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Consumers to get a fairer deal on travel money

Consumers to get a fairer deal on travel money

Category: Money

Updated: 20/12/2011
First Published: 20/12/2011

MONEYFACTS ARCHIVE
This article was correct at the time of publication. It is now over 6 months old so the content may be out of date.

Consumers will get a fairer deal when buying travel money and using their cards abroad under a new range of measures.

The UK 's banks have agreed to scrap charges for customers using their debit cards to purchase foreign currency in the UK , which is typically between 1.5% and 2% of the amount being purchased.

Customers will also be given clearer and more accessible information on card charges they can incur when on their travels.

Some leading banks and lenders have agreed to print all charges and exchange rates clearly on monthly and annual customer statements instead of burying details in small print or even in separate documents.

Consumer Focus says this will mean customers can more easily work out exactly how much they are paying for foreign currency and shop around to get better deals.

The announcement by the Office of Fair Trading follows a super-complaint which was made by Consumer Focus earlier this year.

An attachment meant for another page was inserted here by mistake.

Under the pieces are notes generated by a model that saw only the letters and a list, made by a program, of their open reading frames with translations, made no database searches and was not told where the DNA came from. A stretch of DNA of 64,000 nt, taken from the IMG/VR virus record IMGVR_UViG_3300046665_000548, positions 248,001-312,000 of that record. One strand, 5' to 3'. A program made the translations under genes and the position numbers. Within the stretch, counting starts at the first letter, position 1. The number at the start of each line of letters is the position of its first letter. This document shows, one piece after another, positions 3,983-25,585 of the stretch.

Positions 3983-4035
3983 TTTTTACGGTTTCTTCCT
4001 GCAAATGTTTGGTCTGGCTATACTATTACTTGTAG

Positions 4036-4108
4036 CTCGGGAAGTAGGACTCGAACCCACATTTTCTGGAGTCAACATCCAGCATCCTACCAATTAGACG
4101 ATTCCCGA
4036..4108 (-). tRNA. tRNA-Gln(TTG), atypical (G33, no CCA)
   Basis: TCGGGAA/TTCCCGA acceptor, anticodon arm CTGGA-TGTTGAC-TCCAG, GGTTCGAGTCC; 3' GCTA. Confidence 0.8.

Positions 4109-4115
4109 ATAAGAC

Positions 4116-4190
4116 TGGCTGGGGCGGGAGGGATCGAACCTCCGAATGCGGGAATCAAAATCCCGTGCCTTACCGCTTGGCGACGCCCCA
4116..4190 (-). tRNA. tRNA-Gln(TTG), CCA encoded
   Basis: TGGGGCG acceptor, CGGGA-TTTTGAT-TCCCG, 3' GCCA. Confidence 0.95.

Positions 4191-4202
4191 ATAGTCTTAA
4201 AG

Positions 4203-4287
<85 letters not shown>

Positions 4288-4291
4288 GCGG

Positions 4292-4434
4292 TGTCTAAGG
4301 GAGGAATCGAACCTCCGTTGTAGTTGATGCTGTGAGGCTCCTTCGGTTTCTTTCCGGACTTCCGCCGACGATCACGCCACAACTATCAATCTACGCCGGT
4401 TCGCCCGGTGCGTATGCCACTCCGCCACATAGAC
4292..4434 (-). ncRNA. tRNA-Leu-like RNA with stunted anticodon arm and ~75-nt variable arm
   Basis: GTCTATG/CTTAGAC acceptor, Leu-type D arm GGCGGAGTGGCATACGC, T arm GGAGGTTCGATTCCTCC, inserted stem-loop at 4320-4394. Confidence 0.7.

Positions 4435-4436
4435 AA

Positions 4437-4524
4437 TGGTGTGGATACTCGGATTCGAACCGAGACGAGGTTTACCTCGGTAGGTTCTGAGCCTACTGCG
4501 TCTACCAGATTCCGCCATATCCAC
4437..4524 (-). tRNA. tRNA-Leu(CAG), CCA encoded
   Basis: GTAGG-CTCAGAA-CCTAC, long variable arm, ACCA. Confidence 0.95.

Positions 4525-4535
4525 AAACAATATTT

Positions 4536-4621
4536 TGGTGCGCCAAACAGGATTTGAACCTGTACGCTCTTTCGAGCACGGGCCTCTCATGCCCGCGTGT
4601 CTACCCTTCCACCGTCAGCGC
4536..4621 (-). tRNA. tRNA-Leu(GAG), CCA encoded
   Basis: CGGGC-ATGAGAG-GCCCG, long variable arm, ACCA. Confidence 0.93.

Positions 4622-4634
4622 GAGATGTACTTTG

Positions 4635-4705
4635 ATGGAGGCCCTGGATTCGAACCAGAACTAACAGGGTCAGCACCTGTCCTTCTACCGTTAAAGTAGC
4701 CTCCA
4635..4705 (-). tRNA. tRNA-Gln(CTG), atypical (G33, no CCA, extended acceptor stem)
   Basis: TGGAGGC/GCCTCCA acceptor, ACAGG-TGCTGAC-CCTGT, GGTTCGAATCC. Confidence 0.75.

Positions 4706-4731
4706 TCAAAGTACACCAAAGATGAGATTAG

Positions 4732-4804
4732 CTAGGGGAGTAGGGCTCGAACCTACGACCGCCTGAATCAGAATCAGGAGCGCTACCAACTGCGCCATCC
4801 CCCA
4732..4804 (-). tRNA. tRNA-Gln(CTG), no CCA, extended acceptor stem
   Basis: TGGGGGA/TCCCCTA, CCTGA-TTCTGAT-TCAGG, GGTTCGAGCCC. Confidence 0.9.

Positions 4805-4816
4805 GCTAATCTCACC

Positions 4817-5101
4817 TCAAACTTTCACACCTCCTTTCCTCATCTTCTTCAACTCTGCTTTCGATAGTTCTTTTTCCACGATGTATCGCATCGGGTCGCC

Figures show that people spent around £32 billion abroad (of which £27 billion was while on holiday), using both their debit and credit cards and foreign currency bought in the UK, resulting in an estimated revenue of £1.1 billion for travel money providers active in the UK.

The new rules, which are scheduled to come into force at the end of 2012 could save consumers millions of pounds each and every year.

"Companies should be earning profits by competing to provide the best value products and services, not through charges that are hard for customers to identify or interpret," John Fingleton, OFT Chief Executive, said

"We are very pleased that the travel money industry has agreed, following a OFT short investigation, to make these significant voluntary changes."

Mike O'Connor, Chief Executive of Consumer Focus said that consumers are losing because the existing system is confusing and difficult to calculate.

"It is particularly welcome that the OFT has worked with the big banks to stop withdrawal fees being charged when people buy currency on their card in the UK ," he added.

"It is only right that this unfair cost, which effectively charges customers for the privilege of taking money out of their own account, is stopped.

'We also want to see an end to deliberately misleading marketing phrases such as 0% commission, as services are not fee-free.

"Consumers have a right to know how much they are paying for their transaction and whether there are better options available."

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